The thought of getting braces can be intimidating for both adults and teenagers. Braces are expensive and require multiple orthodontic appointments to tighten them and monitor progress. They can take up to two years to straighten teeth. Metal brackets and wire in someone’s mouth are uncomfortable and unattractive. Patients have to give up certain foods while they wear braces. Some of these negative features are unavoidable but there are various options to choose from when it comes to braces.
Traditional Braces– These are what most people think braces are. They are made of stainless steel brackets, wire, and rubber bands. Heat activated wires make the process quicker and less painful. These are the cheapest option most dentists offer but they are easily noticeable although partially customizable. Some companies that make braces offer brackets that are gold or glow in the dark. Others offer brackets in various shapes to make them more attractive. The rubber bands come in several colors for different looks. Mini-braces are 30% smaller. They take the same amount of time and are more comfortable. On the other hand, they are more expensive. In addition, they may not be an option for serious cases of crooked teeth.
Lingual Braces- Almost the same as traditional braces, lingual are placed behind the teeth. They are not noticeable but harder to clean and unavailable for teeth that need severe realignment or those with small teeth. They also take longer to straighten teeth and to get used to because they get in the way of the tongue. Adjustments are also a longer harder ordeal.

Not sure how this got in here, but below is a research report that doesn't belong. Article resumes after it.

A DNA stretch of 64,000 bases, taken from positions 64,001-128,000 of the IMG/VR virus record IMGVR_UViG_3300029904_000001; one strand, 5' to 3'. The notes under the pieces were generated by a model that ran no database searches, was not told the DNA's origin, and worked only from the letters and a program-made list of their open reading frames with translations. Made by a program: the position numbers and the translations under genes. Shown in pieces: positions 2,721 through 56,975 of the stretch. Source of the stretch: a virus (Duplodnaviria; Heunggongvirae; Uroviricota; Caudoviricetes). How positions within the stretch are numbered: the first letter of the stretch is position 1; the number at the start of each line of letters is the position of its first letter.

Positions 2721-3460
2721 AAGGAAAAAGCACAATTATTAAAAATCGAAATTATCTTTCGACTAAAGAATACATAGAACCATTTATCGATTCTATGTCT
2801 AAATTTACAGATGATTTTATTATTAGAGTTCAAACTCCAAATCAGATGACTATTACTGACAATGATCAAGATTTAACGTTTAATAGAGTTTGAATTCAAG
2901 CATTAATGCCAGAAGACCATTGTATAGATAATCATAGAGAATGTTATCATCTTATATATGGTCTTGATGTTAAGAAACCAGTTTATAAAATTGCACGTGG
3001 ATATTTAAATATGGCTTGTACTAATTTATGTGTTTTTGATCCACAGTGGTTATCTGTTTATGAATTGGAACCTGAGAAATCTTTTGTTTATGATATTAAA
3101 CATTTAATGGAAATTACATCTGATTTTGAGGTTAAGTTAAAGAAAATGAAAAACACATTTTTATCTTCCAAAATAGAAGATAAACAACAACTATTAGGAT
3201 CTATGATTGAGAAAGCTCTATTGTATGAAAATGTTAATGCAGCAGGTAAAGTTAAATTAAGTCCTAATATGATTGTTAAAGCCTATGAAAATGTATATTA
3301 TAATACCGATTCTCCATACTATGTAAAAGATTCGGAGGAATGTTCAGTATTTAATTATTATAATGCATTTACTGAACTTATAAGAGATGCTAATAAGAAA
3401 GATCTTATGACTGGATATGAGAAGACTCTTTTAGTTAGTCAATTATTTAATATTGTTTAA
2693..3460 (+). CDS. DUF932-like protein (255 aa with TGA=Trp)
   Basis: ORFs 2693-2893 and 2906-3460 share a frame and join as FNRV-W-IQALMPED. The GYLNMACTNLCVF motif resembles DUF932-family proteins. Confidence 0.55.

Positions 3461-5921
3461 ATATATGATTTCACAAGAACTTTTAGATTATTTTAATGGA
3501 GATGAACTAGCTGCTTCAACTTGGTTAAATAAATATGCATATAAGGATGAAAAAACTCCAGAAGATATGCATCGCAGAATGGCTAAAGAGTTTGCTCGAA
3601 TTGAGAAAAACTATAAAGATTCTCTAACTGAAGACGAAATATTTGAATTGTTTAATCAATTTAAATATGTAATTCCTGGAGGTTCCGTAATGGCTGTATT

Invisible Braces– Invisible braces are made with white or clear ceramic to make them less visible on teeth. They move teeth faster than aligners and are almost as invisible. Unfortunately, they are more fragile and harder to clean since they can stain.
Removable Braces- Aligners use multiple trays like mouth guards that straighten teeth in stages. They are removable so there is nothing a patient cannot eat and they can brush normally. Since they are multiple trays fitted to an individual, they are the most expensive option. They are also not an option for serious cases and children cannot use them. Finally, there is the potential of losing them since they are removable. Constantly making appointments for a new tray means a slower realignment so they take longer.
Whichever option the patient chooses, he is on his way to a healthy and straight smile.